by Randolph T. Holhut
American Reporter Correspondent
November 18, 2004
BEYOND THE RED AND BLUE
DUMMERSTON, Vt. -- We know the map by heart now, the sea of red with the blotches of blue on the edges - the visual representation of President Bush's alleged mandate.
The map has become a political cliche. The lesser minds in the Democratic Party take it as a symbol of their need to start pandering to the so-called "moral values" voter - the person who now joins the "angry white male," the "soccer mom" and the "NASCAR dad" in the pantheon of political stereotyping.
All cliches may have a kernel of truth in them, but the red/blue map doesn't really explain this election and doesn't offer Democrats an effective strategy for the next election.
Maybe it's time to look at America as being not two regions, but 10.
Robert David Sullivan, associate editor of CommonWealth, the magazine of MassINC, a Boston-based non-partisan think tank, came up with a new map that is based on the electoral patterns of the past three decades, along with demographic data from the U.S. Census. You can see the map and the supporting data at http://www.massinc.org.
Sullivan's 10 regions, each of which includes 10 percent of the population, don't neatly follow state boundaries like the red/blue maps because voting blocs aren't necessarily confined to individual states.
Using Sullivan's map, voting patterns become much clearer. He says there are three regions that have been steadfastly Republican since 1964 - Sagebrush (which covers most of the Rocky Mountain states, plus Alaska and a chunk of northern New England), Southern Comfort (which follows the Gulf Coast and reaches up into the Ozarks) and Farm Belt (the upper Plains states, plus most of Ohio and Indiana).
President Bush won all three regions by wide margins in this election. Sagebrush went 60.6-38.1 percent for the President, while he captured Southern Comfort by a 61.3-38 margin and Farm Belt by a 59-40.1 margin.
Two other regions lean Republican but occasionally go Democratic. In this election, Appalachia (which follows that mountain range from central Pennsylvania to Alabama) gave President Bush his biggest margin of support, 61.4-37.8.
The other region, Southern Lowlands (the coastal South of the Atlantic Seaboard with chunks of the Gulf states mixed in) supported the President, but not by much - a 51.5-47.8 margin.
Using the red/blue map, Democrats would automatically write of the South. But the Lowlands has been a competitive region for Democrats. It includes the cities of Charlotte, Raleigh, Atlanta and New Orleans. It is the most educated population in the South, and has the highest percentage of black voters. It went for Jimmy Carter in 1976 and 1980 and Bill Clinton in 1992 and 1996, but narrowly rejected Vice President Al Gore in 2000 and Sen. John Kerry in 2004.
The "God, gays and guns" strategy of the GOP isn't a slam dunk here. In this election, Sen. Kerry won Savannah, Ga., Atlanta and two of its suburbs, plus most of the major cities in North Carolina and northern Virginia. Who knows how many more cities a strong Southern candidate in the Carter-Clinton mode would win?
Then there is the one region that decided the election: Big River, which follows the Mississippi Valley from Duluth to Memphis. This region went for Carter in 1976, supported Ronald Reagan in 1980 and 1984, then voted Democratic in the next four elections. Both candidates spent most their time and money in this region, but it was Presdent Bush that eked out a 50.1-49 percent win over Sen. Kerry.
Sen. Kerry certainly did well in the core areas of Democratic support. In Upper Coasts (most of New England and the Pacific Northwest), he won by a 60.3-38.3 margin; his biggest margin of victory.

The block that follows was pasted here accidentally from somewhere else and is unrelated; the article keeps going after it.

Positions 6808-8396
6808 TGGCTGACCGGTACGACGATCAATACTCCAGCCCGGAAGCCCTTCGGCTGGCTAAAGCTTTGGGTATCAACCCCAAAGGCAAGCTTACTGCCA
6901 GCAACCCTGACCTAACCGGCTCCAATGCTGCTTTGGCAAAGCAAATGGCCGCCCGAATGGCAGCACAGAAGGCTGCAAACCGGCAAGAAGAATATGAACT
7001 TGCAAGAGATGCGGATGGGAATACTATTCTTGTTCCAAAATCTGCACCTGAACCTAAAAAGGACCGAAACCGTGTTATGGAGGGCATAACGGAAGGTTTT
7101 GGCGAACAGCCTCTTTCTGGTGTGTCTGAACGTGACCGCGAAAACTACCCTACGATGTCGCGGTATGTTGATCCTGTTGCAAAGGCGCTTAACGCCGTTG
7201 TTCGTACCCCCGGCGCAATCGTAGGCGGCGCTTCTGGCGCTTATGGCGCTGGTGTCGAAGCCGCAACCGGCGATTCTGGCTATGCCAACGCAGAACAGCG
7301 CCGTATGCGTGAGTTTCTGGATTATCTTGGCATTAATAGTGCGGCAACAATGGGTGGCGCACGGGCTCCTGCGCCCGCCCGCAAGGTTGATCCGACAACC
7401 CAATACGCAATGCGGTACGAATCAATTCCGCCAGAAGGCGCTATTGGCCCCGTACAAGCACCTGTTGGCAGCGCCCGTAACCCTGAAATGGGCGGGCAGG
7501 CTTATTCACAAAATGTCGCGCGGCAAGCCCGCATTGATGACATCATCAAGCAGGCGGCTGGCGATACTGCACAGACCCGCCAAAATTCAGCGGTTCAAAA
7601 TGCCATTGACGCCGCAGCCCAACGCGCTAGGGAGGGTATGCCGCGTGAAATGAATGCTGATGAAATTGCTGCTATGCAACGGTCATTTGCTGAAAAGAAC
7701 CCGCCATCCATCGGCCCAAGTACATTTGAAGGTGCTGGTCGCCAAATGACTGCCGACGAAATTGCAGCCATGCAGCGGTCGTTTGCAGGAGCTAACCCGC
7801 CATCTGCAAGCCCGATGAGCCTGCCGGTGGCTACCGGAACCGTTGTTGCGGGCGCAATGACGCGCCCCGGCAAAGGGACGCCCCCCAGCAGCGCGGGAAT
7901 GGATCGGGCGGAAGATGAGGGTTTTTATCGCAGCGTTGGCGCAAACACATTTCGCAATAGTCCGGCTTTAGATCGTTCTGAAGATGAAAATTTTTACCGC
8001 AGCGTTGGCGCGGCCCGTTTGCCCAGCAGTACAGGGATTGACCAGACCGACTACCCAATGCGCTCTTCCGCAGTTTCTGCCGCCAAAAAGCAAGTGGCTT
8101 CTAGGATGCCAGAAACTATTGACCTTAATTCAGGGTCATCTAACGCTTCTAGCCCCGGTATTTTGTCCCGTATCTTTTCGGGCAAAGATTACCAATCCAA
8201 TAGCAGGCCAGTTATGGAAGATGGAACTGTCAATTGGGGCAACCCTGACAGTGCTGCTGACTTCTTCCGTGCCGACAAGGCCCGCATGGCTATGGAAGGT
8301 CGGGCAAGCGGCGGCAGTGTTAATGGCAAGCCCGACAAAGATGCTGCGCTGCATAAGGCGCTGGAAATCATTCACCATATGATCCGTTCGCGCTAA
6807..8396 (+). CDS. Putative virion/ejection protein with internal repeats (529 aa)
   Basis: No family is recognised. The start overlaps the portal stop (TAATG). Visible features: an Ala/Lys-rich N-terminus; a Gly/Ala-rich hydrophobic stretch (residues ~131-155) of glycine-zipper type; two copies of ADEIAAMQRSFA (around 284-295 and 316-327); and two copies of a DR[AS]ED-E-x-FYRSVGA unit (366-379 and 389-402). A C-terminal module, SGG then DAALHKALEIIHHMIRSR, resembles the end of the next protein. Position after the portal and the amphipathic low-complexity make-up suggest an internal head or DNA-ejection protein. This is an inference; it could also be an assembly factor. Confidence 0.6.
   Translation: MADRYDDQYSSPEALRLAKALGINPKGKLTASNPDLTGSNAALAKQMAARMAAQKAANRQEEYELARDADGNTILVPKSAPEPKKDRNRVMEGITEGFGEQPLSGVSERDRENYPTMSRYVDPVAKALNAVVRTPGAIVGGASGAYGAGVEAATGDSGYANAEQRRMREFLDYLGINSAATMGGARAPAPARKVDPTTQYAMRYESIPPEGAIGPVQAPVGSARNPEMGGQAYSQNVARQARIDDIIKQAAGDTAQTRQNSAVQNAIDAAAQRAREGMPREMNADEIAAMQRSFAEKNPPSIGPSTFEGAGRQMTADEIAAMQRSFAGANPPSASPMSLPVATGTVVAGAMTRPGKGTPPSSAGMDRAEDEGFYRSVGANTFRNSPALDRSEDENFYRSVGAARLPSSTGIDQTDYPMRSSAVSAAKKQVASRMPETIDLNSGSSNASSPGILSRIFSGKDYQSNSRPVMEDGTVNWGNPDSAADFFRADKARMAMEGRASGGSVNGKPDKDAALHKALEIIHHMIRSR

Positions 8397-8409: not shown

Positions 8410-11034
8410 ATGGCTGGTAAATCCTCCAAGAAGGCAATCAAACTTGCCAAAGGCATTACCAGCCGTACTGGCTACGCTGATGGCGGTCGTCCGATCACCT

In Northeast Corridor (the urban areas along the Amtrak route from Bridgeport to Bethesda), Sen. Kerry won by a 59.4-39.5 margin. That sounds fairly solid, but the President apparently gained more support in the suburbs around New York City and cut into Sen. Kerry's margin.
The other two regions won by Sen. Kerry were El Norte (the Miami area and the counties that border Mexico and Hawaii and which were captured by a 54.9-44.1 margin) and Great Lakes (the "Rust Belt" cites of Buffalo, Cleveland, Detroit and Chicago, won by a 56.7-42.3 margin).
Last year Sullivan predicted that if President Bush held on to the five regions he won in 2000 and took a sixth in 2004, he would receive a clear-cut victory. That scenario came to pass, albeit narrowly.
Compared to Gore in 2000, Sen. Kerry apparently didn't lose votes in any region. Instead, the margin of victory was determined by higher turnout, which the President benefited from in eight of the 10 regions.
Looking at Sullivan's map, you can see the rural-urban split of the electorate and how this could effect the 2008 election in the South and Southeast.
I've already covered the demographic possibilities for Democrats in Southern Lowlands. Those same conditions exist in El Norte and a bigger turnout in that fast-growing region may offset GOP support in the low-growth, culturally conservative regions of Farm Belt and Big River.
For a Democrat to win in 2008, he will have to keep the four regions Sen. Kerry won in this election, plus retake Big River and Southern Lowlands - not an impossible task.
The key for Democrats will to consider these truisms as outlined by Sullivan:
Based on the information that Sullivan provides, Democrats would be foolish to go chasing after "values voters" in the rural South and Republicans would be equally foolish to think that Northeastern voters move in lock step.
In other words, get beyond the red and blue stereotypes, and a whole color palette of electoral possibilities opens up for the candidate wise enough to seize them.
Randolph T. Holhut has been a journalist in New England for more than 20 years. He edited "The George Seldes Reader" (Barricade Books). He can be reached at email@example.com.